Alexandria residents can enjoy a lower cost of living than in most cities country-wide and even state-wide. Monthly rent in Alexandria is less than the state’s average, and the median home value is $157,000. On average, residents have a commute to work that’s less than 20 minutes.
The city has several museums and parks (like the Alexandria Zoological Park), a university (Louisiana State University at Alexandria), and excellent healthcare.
One of the biggest cities in northern Louisiana with no shortage of family fun.
Monroe is one of the bigger cities in North Louisiana (though with its population of less than 50,000 people, it’s considerably smaller than Shreveport). Monroe is within driving distance of the amazing nature and vacation spots in nearby Arkansas. It is located on the Ouachita River and has a sister city (West Monroe) on the other side.
The cost of renting in Monroe is quite inexpensive at just over $700 per month on average. The median home value is just under $150,000. Monroe ties with Natchitoches for the second shortest average commute time on this list, coming in at just under 17 minutes.
In addition to a children’s museum and military museum, Monroe is home to the Biedenharn Museum & Gardens. This property is not only a gorgeous mansion but also the once-home of the first man to bottle Coca-Cola.
Bustling sister cities with lots of culture and excitement.
Shreveport and Bossier City are sister cities often referred to in tandem (the Greater Shreveport Metro Area). They are the largest cities in North Louisiana and some of the best cities in the state to live in.
Residents of Shreveport enjoy a relatively low cost of living, inexpensive rent, and a short commute of less than 20 minutes on average. There are ample entertainment options like waterfront casinos for the adults and a petting zoo for the kids.
One of the town’s historical attractions is the Municipal Auditorium, which hosted a famous radio show like the Grand Ole Opry back in the day.
👉 Fun Fact: The Greater Shreveport Metropolitan Area is roughly the size of the state of Delaware.
A Baton Rouge suburb with charm and a high quality of life.
Zachary ranks high on racial diversity with an almost even split between the percentage of white and black residents. Zachary is significantly more expensive to buy a house in than neighboring Baton Rouge. The median house cost is $226,000, while the median in Baton Rouge is $191,000. Median rent is the highest on this list, with the average rental costing $1,330 per month.
Zachary has the third-most-educated population on this list, with almost 40% of residents possessing Bachelor’s degrees. It has one of the most respected public school systems in Louisiana. Zachary has the second-lowest population per square mile, giving its residents a little taste of the country in the suburbs.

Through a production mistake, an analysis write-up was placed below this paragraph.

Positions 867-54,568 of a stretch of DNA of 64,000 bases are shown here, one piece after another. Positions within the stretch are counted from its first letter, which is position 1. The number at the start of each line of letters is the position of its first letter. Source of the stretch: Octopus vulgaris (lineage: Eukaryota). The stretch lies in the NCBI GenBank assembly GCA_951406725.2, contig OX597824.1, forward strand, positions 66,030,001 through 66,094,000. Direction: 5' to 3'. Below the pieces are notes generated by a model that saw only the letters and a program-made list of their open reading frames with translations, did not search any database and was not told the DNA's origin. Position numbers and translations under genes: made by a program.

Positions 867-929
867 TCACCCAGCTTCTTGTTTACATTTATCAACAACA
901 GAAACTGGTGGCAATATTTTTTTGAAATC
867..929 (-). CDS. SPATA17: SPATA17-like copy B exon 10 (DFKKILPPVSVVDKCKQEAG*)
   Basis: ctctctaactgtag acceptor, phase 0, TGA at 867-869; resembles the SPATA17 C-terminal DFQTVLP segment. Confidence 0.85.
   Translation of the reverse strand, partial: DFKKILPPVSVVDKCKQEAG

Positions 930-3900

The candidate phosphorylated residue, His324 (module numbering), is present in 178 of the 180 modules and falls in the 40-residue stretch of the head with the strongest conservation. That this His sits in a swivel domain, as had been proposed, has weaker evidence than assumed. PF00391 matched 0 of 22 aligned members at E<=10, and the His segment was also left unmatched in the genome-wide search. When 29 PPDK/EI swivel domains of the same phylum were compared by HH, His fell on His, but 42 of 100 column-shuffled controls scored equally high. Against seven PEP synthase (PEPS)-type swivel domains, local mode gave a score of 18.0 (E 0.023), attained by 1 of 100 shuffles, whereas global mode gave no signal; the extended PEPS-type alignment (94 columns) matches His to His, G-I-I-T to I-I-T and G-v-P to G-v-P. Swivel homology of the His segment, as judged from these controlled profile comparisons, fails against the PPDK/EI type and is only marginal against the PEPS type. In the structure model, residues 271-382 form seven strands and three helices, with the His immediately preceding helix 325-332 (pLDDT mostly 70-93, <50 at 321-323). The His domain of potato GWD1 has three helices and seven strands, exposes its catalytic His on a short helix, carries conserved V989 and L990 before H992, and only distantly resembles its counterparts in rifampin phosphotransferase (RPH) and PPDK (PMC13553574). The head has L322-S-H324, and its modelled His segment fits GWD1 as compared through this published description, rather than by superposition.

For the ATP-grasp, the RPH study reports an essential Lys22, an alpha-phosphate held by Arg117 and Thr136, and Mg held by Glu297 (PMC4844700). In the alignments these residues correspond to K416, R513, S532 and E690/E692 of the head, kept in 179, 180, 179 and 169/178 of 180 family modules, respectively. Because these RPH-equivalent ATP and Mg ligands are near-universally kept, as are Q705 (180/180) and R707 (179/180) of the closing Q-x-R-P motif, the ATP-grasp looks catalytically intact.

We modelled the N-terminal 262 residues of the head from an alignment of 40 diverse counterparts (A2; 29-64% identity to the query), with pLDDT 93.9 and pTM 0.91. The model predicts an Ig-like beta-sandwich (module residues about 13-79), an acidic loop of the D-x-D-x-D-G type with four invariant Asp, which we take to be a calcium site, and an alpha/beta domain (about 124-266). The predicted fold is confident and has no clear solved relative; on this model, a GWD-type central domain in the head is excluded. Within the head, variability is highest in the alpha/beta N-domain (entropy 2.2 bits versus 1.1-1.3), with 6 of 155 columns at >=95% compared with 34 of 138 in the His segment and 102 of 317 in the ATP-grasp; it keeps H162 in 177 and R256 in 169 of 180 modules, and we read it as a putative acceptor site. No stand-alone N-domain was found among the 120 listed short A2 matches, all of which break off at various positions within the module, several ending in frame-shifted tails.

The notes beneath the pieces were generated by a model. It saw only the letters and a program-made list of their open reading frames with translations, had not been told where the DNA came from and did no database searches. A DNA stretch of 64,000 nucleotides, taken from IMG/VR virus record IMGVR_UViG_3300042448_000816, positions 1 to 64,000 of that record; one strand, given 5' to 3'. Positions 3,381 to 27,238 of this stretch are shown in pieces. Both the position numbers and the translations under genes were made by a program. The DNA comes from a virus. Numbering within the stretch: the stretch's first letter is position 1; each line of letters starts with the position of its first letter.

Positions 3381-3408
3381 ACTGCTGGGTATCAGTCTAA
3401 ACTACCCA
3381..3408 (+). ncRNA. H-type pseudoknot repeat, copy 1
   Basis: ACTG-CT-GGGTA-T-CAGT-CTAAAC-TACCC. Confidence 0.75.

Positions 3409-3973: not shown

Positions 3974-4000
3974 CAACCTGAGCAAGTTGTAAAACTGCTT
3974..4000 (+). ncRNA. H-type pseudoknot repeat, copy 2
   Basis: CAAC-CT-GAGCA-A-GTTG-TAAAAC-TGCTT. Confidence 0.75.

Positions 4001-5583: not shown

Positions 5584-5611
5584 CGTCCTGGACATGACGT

A suburb on Lake Pontchartrain with easy access to both New Orleans and the Gulf Shore.
Slidell lies right across the Lake Pontchartrain “twin spans” bridge from New Orleans, placing it in Louisiana’s Northshore area. This gives Slidell residents pretty quick access to the big city while avoiding some of the costs and crime associated with the Big Easy. However, the city is less racially diverse and there are fewer trendy options for things to do around town.
Slidell has a revitalized downtown area with several bars (some of which host events like pub trivia and bingo), an old-fashioned-style ice cream shop, and antique stores.
Although buying a house in Slidell is slightly more affordable than the state’s median house price, renting in Slidell is more expensive than average. The median rental cost per month is $1,200.
A close-knit town with a vibrant university culture and historic downtown.
Ruston is another college town on this list, home to Louisiana Tech. It is located in northern Louisiana. Ruston is located near the borders of both Arkansas and Texas, serving as a great starting point for quick vacations to these other states.
Monthly rent in Ruston is less than the state’s average. Ruston has the second most-educated population on this list (behind Mandeville), with almost 50% of the residents possessing a Bachelor’s degree. Ruston also has the shortest commute time on the list, with residents commuting only 14 minutes to work on average.
A charming city across the river from New Orleans with the highest walkability rating in the state.
Located just across the river from New Orleans in the area known as the “West Bank,” Gretna is the second-largest city in Jefferson Parish (with a population of 17,100). Gretna has the highest WalkScore of any town or city in Louisiana.
Gretna has the second-highest Latino population on this list (behind Kenner), with 20% of Gretna’s population identifying as Latino. The median house price in Gretna ($205,000) is significantly above the average for the state. However, average rental costs are just barely below the state average.